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Having a nanny doesn’t mean I’m rich & shameless

I really must stop reading the comments on the Daily Mail site. So much vitriol and anger, so little time.

I read a column in the paper where Lorraine Candy admitted she was upset that her nanny was leaving them. Been there, done that, still really miss Super Nanny. We all do.

Reading the comments people seem to think that hiring a nanny is only something the rich, those that can afford not to work do.

This may have been the case in the past but now it just isn’t true.

Cost-wise, with two young children in what would need to be full time childcare for 12 hours a day, a nanny actually works out cheaper for us than paying for a nursery or a childminder around here (and that assumes we’d have been able to find them both places at the same nursery or childminder).

We’d also lose the benefit of having the girls looked after in our own home – I leave them in their PJs in the morning and come back to find them washed, brushed and ready for bed when I get home. I don’t lose the time taken to drop them off or collect them which is a huge benefit.

I also get a LOT more flexibility. If I am running 10 minutes late because of train problems or my boss’ fondness for wanting to ‘have a quick chat’ as I try to rush out the door then that’s ok. Yes we have to make it up at other times but I’m not being fined £25 for every 15 minutes I’m late or facing the stressful prospect of increasingly irate carers wanting to leave my children sat on the street (ok they’d never leave them but they have other places to be and things to do). If I did it more than a few times I’d risk losing my place.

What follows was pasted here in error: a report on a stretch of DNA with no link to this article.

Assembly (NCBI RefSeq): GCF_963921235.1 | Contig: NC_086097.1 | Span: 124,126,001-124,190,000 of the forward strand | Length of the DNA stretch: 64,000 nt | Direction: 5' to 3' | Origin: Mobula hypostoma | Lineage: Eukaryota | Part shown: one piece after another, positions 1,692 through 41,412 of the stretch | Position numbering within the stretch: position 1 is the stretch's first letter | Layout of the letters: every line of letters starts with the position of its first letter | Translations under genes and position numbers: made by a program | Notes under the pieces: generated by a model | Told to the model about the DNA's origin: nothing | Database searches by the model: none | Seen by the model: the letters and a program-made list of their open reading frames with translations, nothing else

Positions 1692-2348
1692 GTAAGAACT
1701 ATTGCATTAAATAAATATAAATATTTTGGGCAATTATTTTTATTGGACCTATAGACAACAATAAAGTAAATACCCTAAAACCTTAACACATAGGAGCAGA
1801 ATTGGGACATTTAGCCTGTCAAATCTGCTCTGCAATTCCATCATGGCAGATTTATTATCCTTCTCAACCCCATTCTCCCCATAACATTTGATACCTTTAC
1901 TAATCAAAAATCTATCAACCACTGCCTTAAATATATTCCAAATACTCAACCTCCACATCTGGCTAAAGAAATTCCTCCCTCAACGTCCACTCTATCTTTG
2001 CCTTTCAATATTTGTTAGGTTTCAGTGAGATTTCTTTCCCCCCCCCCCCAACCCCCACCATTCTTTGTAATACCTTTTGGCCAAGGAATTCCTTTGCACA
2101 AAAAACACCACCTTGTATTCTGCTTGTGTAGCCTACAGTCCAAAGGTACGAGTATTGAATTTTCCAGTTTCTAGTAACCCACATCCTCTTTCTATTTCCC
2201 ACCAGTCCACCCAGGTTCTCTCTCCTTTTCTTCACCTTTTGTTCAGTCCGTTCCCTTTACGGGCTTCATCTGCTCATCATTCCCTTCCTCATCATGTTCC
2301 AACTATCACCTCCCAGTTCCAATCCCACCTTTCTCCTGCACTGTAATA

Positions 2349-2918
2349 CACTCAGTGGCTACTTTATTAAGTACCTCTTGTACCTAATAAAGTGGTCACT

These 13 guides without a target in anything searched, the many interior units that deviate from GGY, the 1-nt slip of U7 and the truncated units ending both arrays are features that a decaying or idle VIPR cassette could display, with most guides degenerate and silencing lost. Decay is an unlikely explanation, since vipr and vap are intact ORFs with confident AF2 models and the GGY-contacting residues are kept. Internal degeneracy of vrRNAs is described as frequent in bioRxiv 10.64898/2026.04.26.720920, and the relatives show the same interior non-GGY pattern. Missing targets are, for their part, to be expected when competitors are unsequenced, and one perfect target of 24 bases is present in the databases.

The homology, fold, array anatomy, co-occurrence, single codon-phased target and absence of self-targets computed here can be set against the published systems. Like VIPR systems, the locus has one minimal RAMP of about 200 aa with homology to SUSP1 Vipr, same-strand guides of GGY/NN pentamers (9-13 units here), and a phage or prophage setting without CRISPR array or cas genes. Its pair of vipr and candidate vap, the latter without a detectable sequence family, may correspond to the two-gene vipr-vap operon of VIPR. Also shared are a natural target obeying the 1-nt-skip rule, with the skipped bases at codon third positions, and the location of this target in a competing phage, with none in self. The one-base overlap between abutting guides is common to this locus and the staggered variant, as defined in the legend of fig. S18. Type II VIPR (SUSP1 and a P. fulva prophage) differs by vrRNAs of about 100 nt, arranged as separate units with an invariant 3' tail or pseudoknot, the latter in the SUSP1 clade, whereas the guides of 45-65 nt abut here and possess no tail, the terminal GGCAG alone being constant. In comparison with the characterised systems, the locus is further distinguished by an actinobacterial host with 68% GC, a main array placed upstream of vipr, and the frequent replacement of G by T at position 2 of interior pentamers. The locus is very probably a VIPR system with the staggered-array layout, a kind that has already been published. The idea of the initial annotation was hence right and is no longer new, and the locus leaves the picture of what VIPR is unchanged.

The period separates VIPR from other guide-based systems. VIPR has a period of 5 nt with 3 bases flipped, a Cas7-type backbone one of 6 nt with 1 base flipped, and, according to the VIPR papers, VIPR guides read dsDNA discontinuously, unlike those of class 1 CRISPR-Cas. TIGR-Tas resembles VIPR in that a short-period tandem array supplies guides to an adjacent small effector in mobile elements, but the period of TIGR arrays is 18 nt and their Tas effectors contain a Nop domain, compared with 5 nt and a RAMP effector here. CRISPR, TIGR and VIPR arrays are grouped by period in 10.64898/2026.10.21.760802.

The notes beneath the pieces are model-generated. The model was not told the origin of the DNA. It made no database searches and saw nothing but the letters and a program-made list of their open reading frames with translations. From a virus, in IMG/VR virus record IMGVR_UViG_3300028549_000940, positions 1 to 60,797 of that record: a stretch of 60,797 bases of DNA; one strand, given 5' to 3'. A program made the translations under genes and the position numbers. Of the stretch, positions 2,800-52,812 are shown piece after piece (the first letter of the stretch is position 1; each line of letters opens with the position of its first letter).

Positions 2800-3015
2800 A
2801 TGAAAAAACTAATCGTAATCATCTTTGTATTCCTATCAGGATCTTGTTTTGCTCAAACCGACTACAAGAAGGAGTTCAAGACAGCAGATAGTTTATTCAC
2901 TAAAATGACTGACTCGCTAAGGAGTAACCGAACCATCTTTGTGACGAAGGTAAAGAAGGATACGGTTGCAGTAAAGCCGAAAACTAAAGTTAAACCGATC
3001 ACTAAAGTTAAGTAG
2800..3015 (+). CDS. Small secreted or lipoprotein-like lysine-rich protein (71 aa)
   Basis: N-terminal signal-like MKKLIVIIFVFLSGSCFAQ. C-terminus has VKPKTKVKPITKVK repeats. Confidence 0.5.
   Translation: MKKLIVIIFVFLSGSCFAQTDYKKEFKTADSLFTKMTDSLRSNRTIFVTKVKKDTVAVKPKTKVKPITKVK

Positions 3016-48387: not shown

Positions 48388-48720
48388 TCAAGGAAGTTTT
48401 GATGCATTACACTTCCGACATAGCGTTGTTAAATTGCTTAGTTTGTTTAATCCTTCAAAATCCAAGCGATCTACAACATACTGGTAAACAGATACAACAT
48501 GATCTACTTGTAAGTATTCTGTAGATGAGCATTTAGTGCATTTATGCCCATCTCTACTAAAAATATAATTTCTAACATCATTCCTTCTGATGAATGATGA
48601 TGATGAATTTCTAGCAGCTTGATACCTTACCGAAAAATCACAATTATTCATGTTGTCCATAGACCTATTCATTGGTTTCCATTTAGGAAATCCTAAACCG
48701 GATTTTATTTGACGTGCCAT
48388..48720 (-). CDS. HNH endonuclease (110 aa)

When I had to leave my 5 month old to go back to work I wanted her to have something as close to what I’d do if I was at home and a nanny ticked all those boxes.

Asking around nannies are far more prevalent than the Daily Mail would have us believe. Parents I know aren’t all mega-buck earners and its just that this is one of several choices and the one that works best for them. Sometimes they’ll share with another family, sometimes the nanny will work separately for two or more families to fill a full time week. The bottom line is that its a flexible choice and actually once you get past one child isn’t the most expensive option.

Daily Mail people please get over the ‘only the rich can afford nannies’ thing – I can afford a nanny because I work, I fortunately earn more than I pay out to her and to the Inland Revenue but if I stop working I can’t afford to keep her on (and pay her tax, or my tax…)

And yes, if you think that I shouldn’t be working full stop then you are entitled to that view but please go and talk to the people on the Daily Mail who think I’m a rubbish mother because I work.

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15 comments to Having a nanny doesn’t mean I’m rich & shameless

  • Flaf

    >I hear you. Childminder here = £6ph (not inc meals), nanny = £8. Assuming we could actually FIND a CM to take 2 children and pick up from my daughter's preschool.

  • Erica

    >Great post. As an ex-nursery nurse I think getting a nanny is a great alternative. Nurseries can be extremely expensive and may not be the best option for all types of children.

    Live and let live I say!

  • Anonymous

    >Please don't ever listen to the Daily Mail commenters! It sounds like they don't want women to have lives, jobs, or independence.
    Your children will grow up with a mother who is strong, independent and a great role model for them. On top of this, they have a mother who is choosing the best care that she can find for her children. I say well done, and don't listen to those who tell you otherwise. Only you know what is best for your children, and what will make the best life for your whole family.